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Millennials’ Political Views Don’t Make Any Sense

Millennial politics is simple, really. Young people support large government, unless it costs any some-more money. They’re for smaller government, unless bill cuts blemish a module they’ve listened of. They’d like Washington to repair everything, usually so prolonged as it doesn’t run anything.

That’s all from a new Reason Foundation poll contemplating 2,000 immature adults between a ages of 18 and 29. Millennials’ domestic views are, during best, in a theatre of consistent shift and, during worst, “totally incoherent,” as Dylan Matthews puts it.

It’s not usually a Reason Foundation. In March, Pew came out with a identical consult of Millennial attitudes that offering another smorgasbord of paradoxes:

  • Millennials hatred a domestic parties some-more than everybody else, yet they have a top opinion of Congress.
  • Young people are a many expected to be singular relatives and a slightest expected to approve of singular parenthood.
  • Young people voted overwhelmingly for Obama when he betrothed concept health care, yet they conflict his concept health caring law as many as a rest of a nation … even yet they still oath high support for concept health care. (Like other groups, yet some-more so: They seem allergic to a tenure Obamacare.)

1. Millennials are some-more magnanimous than a rest of a country, quite on amicable issues, yet they get some-more economically regressive when they make some-more money.

The youngest voting era currently is a most magnanimous confederation in a long, prolonged time for 3 reasons.

First, they’re immature and poor, and young, bad people are historically some-more liberal. Second, they’re historically non-white. Non-white Americans are historically liberal, too. Third, their white demo is historically magnanimous compared to comparison white voters, as Jon Chait has pointed out. It all adds adult to one cresting blue wave. For now.

But something engaging happens when Millennials start creation critical dough. They start removing many some-more good about giving it away.


Richer Millennials on Redistribution: No, Thanks


Reason Foundation

2. Millennials don’t know what they’re articulate about when it comes to economics.

Young people gaunt approach left on issues like happy marriage, pot, and immigration. On termination and gun control, they float closer to a rest of a electorate.

  • On spending:
    Conservatives can say: 65 percent of Millennials would like to cut spending.
    Liberals can say: 62 percent would like to spend some-more on infrastructure and jobs.
  • On taxes:
    Conservatives can say: 58 percent of Millennials wish to cut taxes overall.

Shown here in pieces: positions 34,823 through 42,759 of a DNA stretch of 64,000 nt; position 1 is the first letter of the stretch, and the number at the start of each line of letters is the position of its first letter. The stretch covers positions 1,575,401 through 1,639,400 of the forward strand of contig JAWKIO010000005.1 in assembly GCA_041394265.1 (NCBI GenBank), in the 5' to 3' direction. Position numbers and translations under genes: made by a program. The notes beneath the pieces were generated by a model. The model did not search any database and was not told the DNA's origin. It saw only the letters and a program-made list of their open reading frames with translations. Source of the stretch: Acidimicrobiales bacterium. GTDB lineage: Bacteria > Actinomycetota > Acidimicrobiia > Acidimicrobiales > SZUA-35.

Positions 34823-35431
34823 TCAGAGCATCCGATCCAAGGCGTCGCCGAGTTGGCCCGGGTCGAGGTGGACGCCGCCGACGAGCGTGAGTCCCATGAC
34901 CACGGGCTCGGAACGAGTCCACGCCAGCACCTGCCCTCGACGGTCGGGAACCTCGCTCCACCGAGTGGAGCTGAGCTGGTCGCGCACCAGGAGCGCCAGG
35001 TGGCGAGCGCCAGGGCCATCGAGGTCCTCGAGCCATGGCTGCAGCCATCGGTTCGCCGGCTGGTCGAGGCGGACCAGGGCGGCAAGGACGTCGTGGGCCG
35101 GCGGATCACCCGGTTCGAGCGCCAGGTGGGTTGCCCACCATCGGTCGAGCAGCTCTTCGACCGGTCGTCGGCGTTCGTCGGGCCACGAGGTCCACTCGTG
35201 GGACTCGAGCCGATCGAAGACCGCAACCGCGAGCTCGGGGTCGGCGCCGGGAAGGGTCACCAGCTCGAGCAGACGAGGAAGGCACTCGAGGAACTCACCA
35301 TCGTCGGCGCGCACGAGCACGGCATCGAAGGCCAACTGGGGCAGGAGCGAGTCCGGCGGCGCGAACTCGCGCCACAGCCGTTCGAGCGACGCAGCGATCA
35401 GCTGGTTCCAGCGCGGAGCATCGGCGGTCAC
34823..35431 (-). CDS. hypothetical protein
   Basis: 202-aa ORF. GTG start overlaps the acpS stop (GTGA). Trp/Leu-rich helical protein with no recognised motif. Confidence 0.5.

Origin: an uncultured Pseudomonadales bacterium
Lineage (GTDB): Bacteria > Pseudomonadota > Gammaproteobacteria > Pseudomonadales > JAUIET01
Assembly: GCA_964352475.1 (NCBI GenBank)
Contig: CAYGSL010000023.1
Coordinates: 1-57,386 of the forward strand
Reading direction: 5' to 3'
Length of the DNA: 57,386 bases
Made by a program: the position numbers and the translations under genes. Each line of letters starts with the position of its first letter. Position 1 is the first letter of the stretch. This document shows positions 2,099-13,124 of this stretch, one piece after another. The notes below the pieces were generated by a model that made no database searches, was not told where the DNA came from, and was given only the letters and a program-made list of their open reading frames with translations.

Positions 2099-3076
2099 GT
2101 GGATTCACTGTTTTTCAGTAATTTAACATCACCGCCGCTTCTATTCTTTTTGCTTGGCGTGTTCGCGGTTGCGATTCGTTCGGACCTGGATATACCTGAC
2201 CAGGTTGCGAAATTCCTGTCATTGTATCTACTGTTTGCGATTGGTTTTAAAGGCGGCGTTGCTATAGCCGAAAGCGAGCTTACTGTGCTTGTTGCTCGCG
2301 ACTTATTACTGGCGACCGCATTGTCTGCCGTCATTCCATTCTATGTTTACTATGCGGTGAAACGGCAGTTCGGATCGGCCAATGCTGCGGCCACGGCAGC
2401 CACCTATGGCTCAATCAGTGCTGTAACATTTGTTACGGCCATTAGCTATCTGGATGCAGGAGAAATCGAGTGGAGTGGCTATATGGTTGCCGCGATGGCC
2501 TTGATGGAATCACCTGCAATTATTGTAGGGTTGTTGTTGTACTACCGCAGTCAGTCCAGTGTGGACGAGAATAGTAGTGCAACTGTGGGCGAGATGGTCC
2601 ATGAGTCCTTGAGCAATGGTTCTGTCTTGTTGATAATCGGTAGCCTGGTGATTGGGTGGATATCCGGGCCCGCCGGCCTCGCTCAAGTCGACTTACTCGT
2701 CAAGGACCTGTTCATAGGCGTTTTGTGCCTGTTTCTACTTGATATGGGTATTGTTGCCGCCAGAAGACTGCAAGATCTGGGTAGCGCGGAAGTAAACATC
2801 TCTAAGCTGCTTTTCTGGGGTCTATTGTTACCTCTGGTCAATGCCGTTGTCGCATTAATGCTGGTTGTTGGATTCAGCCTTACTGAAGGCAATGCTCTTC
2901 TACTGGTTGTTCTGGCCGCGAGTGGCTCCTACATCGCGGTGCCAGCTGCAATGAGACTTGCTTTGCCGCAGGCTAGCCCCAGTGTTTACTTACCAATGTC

Liberals can say: 66 percent wish to lift taxes on a wealthy.
  • On government’s purpose in a lives:
    Conservatives can say: 66 percent of Millennials contend that “when something is saved by a government, it is customarily emasculate and wasteful.”
    Liberals can say: More than two-thirds consider a supervision should pledge food, shelter, and a vital wage.
  • On supervision size:
    Conservatives can say: 57 percent wish smaller supervision with fewer services (if we discuss a sorcery word “taxes”).
    Liberals can say: 54 percent wish incomparable supervision with some-more services (if we don’t discuss “taxes”).

Some of these positions suggest, rather than prove, complete incoherence. For example, we can technically support (a) shortening a altogether taxation weight and (b) lifting taxes on a rich by lifting a investment taxation and absolving a bottom 50 percent of Social Security taxes. Somehow, we consider what’s function is easier than immature people doing a prolonged math of effective taxation rates. we consider they’re usually confused.

Overall, Millennials offer a ghastly sense of a era that doesn’t unequivocally know simple economics. To be fair, neither do many Americans. Or many economists, perhaps. Or many journalists. Economics is hard.

3. Far reduction important, yet interesting nonetheless: Millennials don’t know what socialism is, yet they consider it sounds nice.

I envision that any readers over a age of 30 will positively adore this fact about electorate underneath a age of 29. Forty-two percent of Millennials consider socialism is preferable to capitalism, yet usually 16 percent of Millennials could accurately conclude socialism in a survey.


Socialism or Capitalism?


Reason Foundation

Say what we wish about a beliefs of inhabitant socialism, dude, during slightest it’s an ethos that young people can conclude in an Internet survey

Article source: http://www.theatlantic.com/politics/archive/2014/07/millennials-economics-voting-clueless-kids-these-days/374427/

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